Tin Star/Fear Strikes Out (Elmer Bernstein) Soundtracks
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FEAR STRIKES OUT/THE TIN STAR
Music Composed and Conducted by Elmer Bernstein
Fear Strikes Out (1957) was the true story of baseball’s Jim Piersall, who suffered from and overcame a complete nervous breakdown caused by the extreme and relentless pressure his never-satisfied father put on him to be the best of the best – from the time he was a young boy right up through his entering the major leagues. Beautifully directed by Robert Mulligan (his first film), with brilliant performances by Anthony Perkins as Piersall and Karl Malden as his father, the film is devastating, powerfully emotional, compassionate, and very moving.
The choice of Elmer Bernstein to score the film was serendipitous – Bernstein’s and Mulligan’s artistic temperaments were perfectly in synch and Bernstein would go on to score many films for him, including The Rat Race, To Kill A Mockingbird, Love With The Proper Stranger, and Bloodbrothers. Bernstein’s score for Fear Strikes Out really captures the film’s myriad moods – from the elation of Piersall’s baseball triumphs, to the dark road leading to his mental breakdown on the baseball field (an incredible scene), to his rehabilitation, and, as always with Bernstein, he really understands how to make music coalesce with images and illuminate character and story – his music is timeless, perfect, and, all these decades later, still incredibly fresh.
The Tin Star (also 1957) was in a different world altogether – a western, also starring Anthony Perkins, this time alongside the great Henry Fonda. The director was Anthony Mann, who’d already made a string of classic westerns, including Winchester 73, The Naked Spur, Bend of the River, The Man From Laramie (all starring James Stewart), among others. The film is a character-driven drama about a former sheriff-now-bounty hunter named Morgan Hickman (Fonda) – when the sheriff of a town is killed, the green, inexperienced Perkins is appointed as a temporary replacement, a job he would like to make permanent. He asks Hickman to teach him the ropes. In so doing, Hickman is reminded why he once wore the tin star and in the process rediscovers the person he was.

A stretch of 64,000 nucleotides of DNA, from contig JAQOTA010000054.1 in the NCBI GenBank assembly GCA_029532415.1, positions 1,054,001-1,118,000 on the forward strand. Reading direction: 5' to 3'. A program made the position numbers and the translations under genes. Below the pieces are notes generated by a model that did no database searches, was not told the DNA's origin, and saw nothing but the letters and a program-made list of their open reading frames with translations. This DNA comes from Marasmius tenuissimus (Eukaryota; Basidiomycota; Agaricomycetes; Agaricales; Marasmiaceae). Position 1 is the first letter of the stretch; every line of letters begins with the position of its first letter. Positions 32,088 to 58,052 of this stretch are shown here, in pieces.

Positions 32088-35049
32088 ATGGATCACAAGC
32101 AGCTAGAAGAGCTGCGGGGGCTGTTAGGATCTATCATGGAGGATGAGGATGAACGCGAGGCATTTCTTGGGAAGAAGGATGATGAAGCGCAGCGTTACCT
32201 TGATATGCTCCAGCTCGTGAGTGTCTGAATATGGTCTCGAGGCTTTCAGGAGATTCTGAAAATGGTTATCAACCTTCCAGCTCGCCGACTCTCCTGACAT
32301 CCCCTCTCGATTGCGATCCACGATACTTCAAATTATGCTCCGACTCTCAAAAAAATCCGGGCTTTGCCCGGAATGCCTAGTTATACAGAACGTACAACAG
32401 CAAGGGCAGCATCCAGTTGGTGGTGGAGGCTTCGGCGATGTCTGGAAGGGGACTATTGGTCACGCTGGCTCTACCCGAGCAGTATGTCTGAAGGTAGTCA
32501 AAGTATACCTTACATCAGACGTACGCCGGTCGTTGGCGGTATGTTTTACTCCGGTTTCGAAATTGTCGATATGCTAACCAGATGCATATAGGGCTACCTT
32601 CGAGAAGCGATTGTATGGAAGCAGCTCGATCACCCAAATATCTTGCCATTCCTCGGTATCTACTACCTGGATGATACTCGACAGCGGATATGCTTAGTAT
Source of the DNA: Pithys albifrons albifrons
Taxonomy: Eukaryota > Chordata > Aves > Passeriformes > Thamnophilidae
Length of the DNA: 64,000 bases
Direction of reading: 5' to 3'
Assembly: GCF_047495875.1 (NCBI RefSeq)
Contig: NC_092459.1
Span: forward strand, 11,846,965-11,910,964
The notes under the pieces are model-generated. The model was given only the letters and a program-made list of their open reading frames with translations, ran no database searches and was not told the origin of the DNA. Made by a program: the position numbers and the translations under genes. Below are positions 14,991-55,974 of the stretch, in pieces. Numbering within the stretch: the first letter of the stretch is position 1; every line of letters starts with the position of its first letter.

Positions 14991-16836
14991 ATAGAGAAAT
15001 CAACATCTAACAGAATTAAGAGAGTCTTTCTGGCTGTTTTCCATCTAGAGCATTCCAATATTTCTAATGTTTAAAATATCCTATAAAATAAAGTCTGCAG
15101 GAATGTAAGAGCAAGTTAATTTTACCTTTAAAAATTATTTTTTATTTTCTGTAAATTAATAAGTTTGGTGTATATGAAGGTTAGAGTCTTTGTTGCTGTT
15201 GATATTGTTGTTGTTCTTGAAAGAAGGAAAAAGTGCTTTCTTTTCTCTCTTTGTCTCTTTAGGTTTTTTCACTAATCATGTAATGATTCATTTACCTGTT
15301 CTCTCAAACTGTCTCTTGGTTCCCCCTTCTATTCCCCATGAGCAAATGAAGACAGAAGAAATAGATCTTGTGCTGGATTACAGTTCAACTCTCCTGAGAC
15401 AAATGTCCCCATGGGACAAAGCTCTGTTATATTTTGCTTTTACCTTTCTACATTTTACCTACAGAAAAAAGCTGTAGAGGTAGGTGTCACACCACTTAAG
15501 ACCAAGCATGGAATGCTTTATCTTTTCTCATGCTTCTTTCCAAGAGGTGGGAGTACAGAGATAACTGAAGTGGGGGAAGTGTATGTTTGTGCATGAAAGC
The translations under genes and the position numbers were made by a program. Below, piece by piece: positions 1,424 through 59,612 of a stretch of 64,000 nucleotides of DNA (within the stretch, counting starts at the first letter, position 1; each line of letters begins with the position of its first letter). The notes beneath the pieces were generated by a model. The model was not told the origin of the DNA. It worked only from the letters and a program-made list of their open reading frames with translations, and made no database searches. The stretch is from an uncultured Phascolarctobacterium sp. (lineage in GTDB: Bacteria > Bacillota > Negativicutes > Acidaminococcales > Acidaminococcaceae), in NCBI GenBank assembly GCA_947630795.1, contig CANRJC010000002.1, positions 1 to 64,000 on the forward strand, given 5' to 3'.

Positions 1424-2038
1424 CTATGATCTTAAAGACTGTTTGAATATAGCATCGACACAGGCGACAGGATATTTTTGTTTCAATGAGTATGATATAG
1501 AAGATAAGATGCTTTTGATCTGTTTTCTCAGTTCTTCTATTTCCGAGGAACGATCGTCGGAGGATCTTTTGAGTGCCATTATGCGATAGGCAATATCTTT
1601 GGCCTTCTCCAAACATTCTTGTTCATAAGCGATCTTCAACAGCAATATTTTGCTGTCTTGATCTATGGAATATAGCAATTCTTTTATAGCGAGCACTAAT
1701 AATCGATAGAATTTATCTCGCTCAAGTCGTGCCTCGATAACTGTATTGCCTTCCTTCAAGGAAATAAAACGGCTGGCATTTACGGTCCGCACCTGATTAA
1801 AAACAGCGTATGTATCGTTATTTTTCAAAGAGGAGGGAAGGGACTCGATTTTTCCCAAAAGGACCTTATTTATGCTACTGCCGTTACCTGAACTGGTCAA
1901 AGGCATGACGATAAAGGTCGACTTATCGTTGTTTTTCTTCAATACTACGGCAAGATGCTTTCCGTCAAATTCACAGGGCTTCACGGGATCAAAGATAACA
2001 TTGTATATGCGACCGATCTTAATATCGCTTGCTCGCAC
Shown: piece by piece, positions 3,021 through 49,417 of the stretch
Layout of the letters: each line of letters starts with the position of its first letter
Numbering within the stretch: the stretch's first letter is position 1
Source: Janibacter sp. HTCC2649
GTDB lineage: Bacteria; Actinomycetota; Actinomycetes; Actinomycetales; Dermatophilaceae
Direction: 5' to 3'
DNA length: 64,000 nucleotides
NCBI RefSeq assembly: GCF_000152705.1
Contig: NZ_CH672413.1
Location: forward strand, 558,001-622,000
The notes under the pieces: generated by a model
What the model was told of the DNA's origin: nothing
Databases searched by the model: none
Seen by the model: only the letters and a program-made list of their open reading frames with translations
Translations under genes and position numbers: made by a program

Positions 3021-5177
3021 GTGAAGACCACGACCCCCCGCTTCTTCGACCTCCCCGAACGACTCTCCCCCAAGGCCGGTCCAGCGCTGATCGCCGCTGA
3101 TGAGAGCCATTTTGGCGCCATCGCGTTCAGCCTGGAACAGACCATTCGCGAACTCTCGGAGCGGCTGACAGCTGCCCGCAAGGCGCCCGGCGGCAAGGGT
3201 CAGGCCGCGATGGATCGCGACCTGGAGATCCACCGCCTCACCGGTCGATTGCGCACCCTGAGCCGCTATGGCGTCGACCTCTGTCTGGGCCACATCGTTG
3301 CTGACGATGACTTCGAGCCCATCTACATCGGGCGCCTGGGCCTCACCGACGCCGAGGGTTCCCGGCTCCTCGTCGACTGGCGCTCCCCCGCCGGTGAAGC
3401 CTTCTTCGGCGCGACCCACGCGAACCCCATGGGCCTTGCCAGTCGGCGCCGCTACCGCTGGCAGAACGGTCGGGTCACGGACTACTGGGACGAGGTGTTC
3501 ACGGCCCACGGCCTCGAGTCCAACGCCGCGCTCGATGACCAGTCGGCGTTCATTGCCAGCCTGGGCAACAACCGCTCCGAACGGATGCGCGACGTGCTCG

Mann and Bernstein had worked together once before, on Mann’s war film, Men In War, for which Bernstein turned out a great score. Bernstein had done only one western prior to The Tin Star (Drango), but he would soon go on to become one of the most beloved composers of westerns in film history, with his classic scores for The Magnificent Seven, The Comancheros, The Hallelujah Trail, The Sons of Katie Elder, The Scalphunters, True Grit, Big Jake, The Shootist, and others. His “sound” is instantly recognizable, even in this early stage of his Western game. The score has all the things one has come to expect from a Bernstein western score – colorful Americana, great themes, all perfectly matched to the film. He was as good as it gets. The CD was mastered from the original tapes stored in the Paramount vaults. Over seventy-seven minutes of prime Golden Age Bernstein.